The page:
As for the 3D elements in the film, I feel the gimmick hurts the film more than anything. There are a few moments where the 3D makes a good impression, but overall it takes away from some of the good-looking visuals. The entire third act works so much better in 2D, because you can actually see what’s going on, and you can enjoy more of the detail that gets lost in the 3D cut.
Found Footage 3D is presented in the aspect ratio 1.78:1. The 1080p image is arrived at with an AVC MPEG-4 codec at an average of 22 mbps. First I’m going to talk about the 2D version of the film. There is a lot of color in this film, and the strength of the image quality is definitely what we see in the footage shot in the daytime. Greens look really good here, and at times with sequences in the barn there is a nice warmth to the image. When it goes to night, and with the lack of light used, there is a bit of noise that comes up. Because this is a found-footage film, I can look past this, especially because it looks better than other found-footage films I’ve seen in the past.
As for the 3D version of the film, the Blu-ray comes with a set of the blue and red 3D glasses, and while it’s a nice gimmick, that is all it really is. The 3D suffers because the image is darker, and we do lose a bit of detail. The night shots suffer as well, to the point it seems like I’m almost watching a film in black and white. The shots with blood and a bit of gore definitely lose their effectiveness. Perhaps this is simply a result of the glasses that come with the package, but there have definitely been better attempts at shooting 3D than this film.
The DTS-HD Master Audio 5.1 track is just about what you would expect for a found-footage film, so get ready to lower the bar. The dialog is a mixed bag. Sometimes it is clear and audible, and at other times, thankfully, subtitles are supplied This really sticks true to the found-footage dynamic, where we don’t even get a score here. Aside from some moments in the final act, there really isn’t anything significant to the sound design here. The film even jokes about how to be a successful found-footage film the audio needs to be bad. Well, in this case, it looks like they succeeded.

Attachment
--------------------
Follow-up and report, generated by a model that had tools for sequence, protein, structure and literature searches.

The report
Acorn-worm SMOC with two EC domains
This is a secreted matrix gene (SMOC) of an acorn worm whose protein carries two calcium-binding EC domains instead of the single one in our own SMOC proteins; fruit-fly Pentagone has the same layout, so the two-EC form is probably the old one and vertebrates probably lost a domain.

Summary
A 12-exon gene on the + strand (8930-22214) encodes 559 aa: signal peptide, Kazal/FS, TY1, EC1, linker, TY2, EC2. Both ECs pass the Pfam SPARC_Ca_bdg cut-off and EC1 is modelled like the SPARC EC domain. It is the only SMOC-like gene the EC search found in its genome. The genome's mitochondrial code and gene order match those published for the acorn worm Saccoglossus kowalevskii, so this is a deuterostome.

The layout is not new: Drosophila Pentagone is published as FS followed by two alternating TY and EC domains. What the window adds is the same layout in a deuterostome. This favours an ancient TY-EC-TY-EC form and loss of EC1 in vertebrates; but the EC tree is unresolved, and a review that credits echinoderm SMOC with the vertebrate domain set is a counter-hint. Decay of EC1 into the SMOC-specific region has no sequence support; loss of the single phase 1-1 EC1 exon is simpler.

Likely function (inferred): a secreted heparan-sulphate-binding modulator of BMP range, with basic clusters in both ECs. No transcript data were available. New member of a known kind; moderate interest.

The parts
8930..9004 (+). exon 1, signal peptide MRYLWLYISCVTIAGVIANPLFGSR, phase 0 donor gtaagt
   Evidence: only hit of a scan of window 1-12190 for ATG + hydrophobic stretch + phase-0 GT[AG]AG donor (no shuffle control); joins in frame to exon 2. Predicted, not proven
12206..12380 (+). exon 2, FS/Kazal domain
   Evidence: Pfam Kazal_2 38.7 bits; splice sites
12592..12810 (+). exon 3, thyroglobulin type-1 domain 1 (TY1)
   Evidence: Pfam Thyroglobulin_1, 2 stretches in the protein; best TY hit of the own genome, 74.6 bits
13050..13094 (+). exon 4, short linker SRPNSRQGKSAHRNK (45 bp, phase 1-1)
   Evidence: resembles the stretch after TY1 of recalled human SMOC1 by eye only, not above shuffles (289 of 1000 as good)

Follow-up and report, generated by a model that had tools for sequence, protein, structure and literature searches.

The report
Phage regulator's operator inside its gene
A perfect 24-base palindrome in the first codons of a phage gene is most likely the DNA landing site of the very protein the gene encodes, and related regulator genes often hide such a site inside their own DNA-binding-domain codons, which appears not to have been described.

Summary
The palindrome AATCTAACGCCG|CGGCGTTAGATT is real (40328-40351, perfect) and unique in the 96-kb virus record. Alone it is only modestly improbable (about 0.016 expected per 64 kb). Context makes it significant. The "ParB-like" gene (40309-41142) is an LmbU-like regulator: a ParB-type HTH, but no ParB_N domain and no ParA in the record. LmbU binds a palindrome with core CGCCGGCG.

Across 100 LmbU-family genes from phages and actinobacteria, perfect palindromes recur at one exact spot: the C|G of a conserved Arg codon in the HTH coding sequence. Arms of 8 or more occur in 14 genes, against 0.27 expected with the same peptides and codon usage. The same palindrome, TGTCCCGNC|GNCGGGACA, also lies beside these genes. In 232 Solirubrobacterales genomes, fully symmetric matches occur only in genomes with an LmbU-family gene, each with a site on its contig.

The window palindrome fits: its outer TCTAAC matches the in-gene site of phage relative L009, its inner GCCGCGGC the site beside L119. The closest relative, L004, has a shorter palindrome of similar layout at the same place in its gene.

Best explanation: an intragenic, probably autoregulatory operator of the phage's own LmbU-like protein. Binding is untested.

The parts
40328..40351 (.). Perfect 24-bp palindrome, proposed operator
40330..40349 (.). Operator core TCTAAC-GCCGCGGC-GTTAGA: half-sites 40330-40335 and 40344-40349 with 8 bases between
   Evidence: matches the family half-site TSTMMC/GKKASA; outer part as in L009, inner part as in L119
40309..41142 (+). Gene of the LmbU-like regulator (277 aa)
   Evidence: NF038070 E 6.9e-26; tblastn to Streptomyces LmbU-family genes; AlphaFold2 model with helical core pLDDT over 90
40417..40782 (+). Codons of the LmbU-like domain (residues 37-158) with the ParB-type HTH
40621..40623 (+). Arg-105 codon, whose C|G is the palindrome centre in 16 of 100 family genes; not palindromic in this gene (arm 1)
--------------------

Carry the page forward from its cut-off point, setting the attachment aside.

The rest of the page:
Commentary with Director Steven DeGennaro: This is a decent commentary and there is plenty of information here, but I kind of wish he had members of the crew to give the commentary a little more energy.
Commentary with Producers Scott Weinberg, Randi Ludwig and Charles Mulford: This commentary is definitely one I would consider fun and informative for those that are film students and film buffs. These guys keep the conversation going throughout and have plenty of stories of their own from the production.
For a film about a film crew making a found footage film it’s kind of a shame they didn’t take it a step further and include a making of, but perhaps that would have been a little to meta to hope for.
Deleted Scenes: (20:37) All the scenes are cut together but the one that stands out explains how the Amy character ended up with a black eye, while the other scenes are entertaining you can easily see why the others were trimmed from the film.
Outtakes: (8:46) This is basically your typical collection of line flubbing and mistakes during shots.
Extended Scenes: (24:14) Even more footage from scenes that are included untouched and we can see just how long some of these sequences originally were.
Considering I’ve already seen the film twice and I know I’m going to end up watching it again is a good sign that this is pretty good. With the Halloween season upon us, this is one of those late night films to throw on to get into the spirit of things. For the horror geeks and film students out there I feel those are the ones that will respond to this the most. This is a fun and entertaining film but I definitely recommend seeing the film without the glasses first.